Then and now: Where are Dundee United’s 1987 UEFA Cup Final team?


DUNDEE UNITED produced a European night to remember last night after beating AZ Alkmaar 1-0 at Tannadice.

They are one step closer to progressing to the Conference League play-off and will face either Riga FC or Gil Vicente in the next round if they make it through next week.

Kevin Gallagher during the Uefa Cup final


Kevin Gallagher during the Uefa Cup finalCredit: Getty
Dundee United fans during the UEFA Cup Final


Dundee United fans during the UEFA Cup FinalCredit: Getty

It will go down as the club’s best European result in recent years, whatever happens next week though.

But now the current United players have a chance to add their names to the list of famous players gracing the Tangerine strip.

It’s been 35 years since that historic Uefa Cup run of 1986/87 when Jim McLean guided United to the final against Swedish outfit IFK Goteborg.

They lost 2-1 across the two legs but they will go down as the greatest United team in history.

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And SunSport takes a look at those Tannadice heroes.

Here is what they are all doing these days.

Billy Thomson

Suffered a nasty gash just five minutes into the final when the outstretched boot of Lennart Nilsson collided with his head.

Thomson was the Terrors’ first-choice goalkeeper until the 1988-89 season, by which time he had played in United’s two consecutive Scottish Cup finals, winning neither.

After retiring he went into coaching, originally with city rivals Dundee before moving to Rangers for six years in 2001.

He had a part-time role with Kilmarnock for 14 years before joining Stranraer, also as a goalie coach, in July 2021, where he remains today. He is 64 years old.

Maurice Malpas

This Tannadice legend, now 60, played at Scotland for three World Cups, all while spending all of his playing career with United.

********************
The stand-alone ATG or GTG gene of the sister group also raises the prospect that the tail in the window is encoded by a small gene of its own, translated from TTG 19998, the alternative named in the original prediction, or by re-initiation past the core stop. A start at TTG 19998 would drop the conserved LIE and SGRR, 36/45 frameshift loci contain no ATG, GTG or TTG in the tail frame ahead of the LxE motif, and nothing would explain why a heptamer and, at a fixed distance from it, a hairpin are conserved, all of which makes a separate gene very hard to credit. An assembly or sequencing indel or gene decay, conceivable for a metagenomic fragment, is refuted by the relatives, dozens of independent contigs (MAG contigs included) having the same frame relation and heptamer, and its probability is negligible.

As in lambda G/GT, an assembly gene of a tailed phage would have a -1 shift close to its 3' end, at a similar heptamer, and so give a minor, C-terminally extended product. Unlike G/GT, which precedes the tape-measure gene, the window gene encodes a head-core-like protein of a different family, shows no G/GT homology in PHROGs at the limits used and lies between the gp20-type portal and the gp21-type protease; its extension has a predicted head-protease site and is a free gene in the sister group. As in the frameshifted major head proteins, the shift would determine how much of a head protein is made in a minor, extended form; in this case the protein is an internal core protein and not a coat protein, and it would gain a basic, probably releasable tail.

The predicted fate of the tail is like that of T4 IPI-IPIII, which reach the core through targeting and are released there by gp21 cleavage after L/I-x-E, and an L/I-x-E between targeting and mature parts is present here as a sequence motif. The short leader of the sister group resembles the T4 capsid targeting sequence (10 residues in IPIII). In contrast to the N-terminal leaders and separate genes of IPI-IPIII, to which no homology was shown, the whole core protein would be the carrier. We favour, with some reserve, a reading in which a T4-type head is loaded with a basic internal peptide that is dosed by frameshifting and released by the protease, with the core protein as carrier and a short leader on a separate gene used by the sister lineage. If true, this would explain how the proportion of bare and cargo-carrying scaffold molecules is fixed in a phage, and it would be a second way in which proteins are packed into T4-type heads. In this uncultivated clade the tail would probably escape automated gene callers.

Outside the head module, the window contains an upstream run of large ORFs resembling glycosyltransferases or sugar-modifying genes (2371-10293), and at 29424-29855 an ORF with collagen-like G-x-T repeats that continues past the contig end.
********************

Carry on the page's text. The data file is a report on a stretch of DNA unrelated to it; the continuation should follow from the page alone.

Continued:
After retiring he stuck around to coach the youngsters as well.

He had full-time roles as boss of Motherwell and Swindon Town, sandwiched either side of spells as the interim boss of Scotland’s Under-21s.

Malpas had worked with Terry Butcher at Fir Park and they reunited at Hibs in 2013 before being dismissed the following summer after being relegated.

He was director of football at Raith before joining the coaching staff at Inverness Caledonian Thistle in 2017, but is now longer at the club.

David Narey (Captain)

Another Tannadice hero, who could forget his goal for Scotland against THAT Brazil team, five years prior to the final?

Jim McLean called him a “manager’s dream”, having worked with him over the course of the 872 appearances he made for United.

The talented and versatile defender was awarded an MBE by the Queen in 1992 although she infamously mixed up Dundee and Dundee United when congratulating him.

He has kept a quiet life since hanging up his boots and rarely gives interviews, instead preferring to spend his free time on the golf course or with his family.

Paul Hegarty

Criminally, Hegarty only picked up eight caps for Scotland despite a starring role in United’s glory days.

He had short spells with St Johnstone and Forfar after his time at Tanandice came to an end, becoming player-manager at the latter.

Hegarty would return to coach at United before leaving briefly to take charge of Aberdeen in 1999. He returned to Tannadice and was named full-time boss in October 2002 but left in January 2003 after just four wins in 18 matches.